‘Outriders’ a surprising loot shooter that has darker moments
Game pushes players to be more aggressive than do others of its kind.
Shooters don’t usually handle touchy subjects. They’re usually bubblegum blockbusters with explosive set pieces and larger-than-life heroes. “Outriders” seems that way on the surface.
As the last of the titular troopers, players find themselves as a pioneer on the planet Enoch. Humanity has destroyed Earth and a colony ship has traveled 80 years to the new world, but upon arrival, everything goes wrong for the landing team. A deadly alien storm called the Anomaly wreaks havoc on the settlers. A panicked executive calls in a mass landing too early.
During the first expedition, the Anomaly injures the Outrider and the hero is put into cryo. That character wakes up 30 years later and finds the dreams of building a paradise all in ashes. The Anomaly has driven humans to living in protected ravines. Worse yet, the survivors of the botched colonization have been driven to war.
CHOOSE YOUR CLASS
But there’s a new weapon on the battlefield. Both sides have been killing each other with help from superpowered humans changed by the Anomaly. Called the Altereds, these people are like mutants who can call forth fire or have power to distort space. Fortunately, the Outrider who survived contact with the Anomaly has abilities as well. Players determine what kind of power they have by choosing one of four classes — Devastator, Pyromancer, Technomancer and Trickster. They each have a distinct team role and playstyle.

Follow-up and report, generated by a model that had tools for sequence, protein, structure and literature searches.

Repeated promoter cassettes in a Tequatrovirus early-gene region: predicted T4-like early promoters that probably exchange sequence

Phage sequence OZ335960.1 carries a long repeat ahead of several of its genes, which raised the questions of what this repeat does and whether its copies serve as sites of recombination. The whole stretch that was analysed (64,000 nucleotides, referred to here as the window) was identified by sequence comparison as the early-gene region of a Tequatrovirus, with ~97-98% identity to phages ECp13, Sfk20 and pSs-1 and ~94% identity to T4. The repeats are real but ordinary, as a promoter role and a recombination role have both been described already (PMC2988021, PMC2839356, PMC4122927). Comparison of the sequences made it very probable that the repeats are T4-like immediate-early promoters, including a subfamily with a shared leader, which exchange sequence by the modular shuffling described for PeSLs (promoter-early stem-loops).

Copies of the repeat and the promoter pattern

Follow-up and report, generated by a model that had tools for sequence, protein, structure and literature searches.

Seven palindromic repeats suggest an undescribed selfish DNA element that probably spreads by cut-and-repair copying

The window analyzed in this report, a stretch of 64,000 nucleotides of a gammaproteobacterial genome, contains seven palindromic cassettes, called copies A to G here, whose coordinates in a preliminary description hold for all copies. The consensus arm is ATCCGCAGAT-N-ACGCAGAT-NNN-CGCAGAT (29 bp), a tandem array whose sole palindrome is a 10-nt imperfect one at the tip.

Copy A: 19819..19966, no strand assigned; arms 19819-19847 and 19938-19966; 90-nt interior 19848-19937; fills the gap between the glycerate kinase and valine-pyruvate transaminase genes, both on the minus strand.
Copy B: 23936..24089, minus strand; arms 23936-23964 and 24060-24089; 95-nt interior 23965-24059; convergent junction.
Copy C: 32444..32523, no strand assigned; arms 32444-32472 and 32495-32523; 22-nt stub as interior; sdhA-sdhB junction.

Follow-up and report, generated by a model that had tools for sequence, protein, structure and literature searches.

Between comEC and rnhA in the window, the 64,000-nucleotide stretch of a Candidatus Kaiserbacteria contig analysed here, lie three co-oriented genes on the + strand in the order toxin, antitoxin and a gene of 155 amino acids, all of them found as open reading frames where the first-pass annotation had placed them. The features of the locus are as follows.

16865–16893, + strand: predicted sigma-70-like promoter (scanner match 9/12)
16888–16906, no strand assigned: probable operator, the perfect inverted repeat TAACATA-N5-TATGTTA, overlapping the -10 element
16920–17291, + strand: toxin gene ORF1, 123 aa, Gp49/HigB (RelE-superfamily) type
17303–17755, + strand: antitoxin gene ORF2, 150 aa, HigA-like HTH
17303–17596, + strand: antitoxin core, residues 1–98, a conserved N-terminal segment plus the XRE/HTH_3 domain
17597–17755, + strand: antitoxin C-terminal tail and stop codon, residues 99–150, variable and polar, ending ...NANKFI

As the Outrider, players embark on an adventure to save what’s left of humanity. At first, it seems as though players will be helping the Enoch Colonization Authority beat back the savage Insurgents. Those expecting a conventional epic where players make a difference in a grand war will be surprised by how the narrative shifts. The setup is window dressing for a more fascinating and darker story that explores the deeper problems with the planet and what happened to the disastrous settlement.
Of course, that’s told through missions where the Outrider is sent to different locales. Similar to “Tom Clancy’s The Division” series, the game is a cover-based shooter with heavy loot elements. Players engage in battles with hordes of enemies who annoyingly spawn out of nowhere, and to win, they’ll have to outflank or outsmart them. Enemies drop gear such as weapons and armor and those are used to power up a character to take on more difficult challenges.
OFFERING A CARROT FOR AGGRESSION
What’s different about “Outriders” is that the developers at People Can Fly pushed the combat in new ways. In most shooters of this type, players end up turtling behind cover and picking off enemies when they see an opportunity. With this game, the studio actively pushes players to be aggressive by tying healing to attacks. They bolster this concept by giving players faster cooldown times on their powers to ensure they use them more often.
Cover is still important in “Outriders” but the developers incentivize players to push forward more often and to constantly attack because that’s how they regain life. With the different classes, that’s done in different ways. Devastator and Tricksters deal damage up close and have powers based on causing bleeding damage and slowing opponents, respectively. Pyromancer attacks from midrange and gains health every time the hero hurts adversaries with burn damage. Lastly, Technomancer is a support class that specializes at dealing freezing or toxic damage from a distance with rifles or gadgets such as turrets.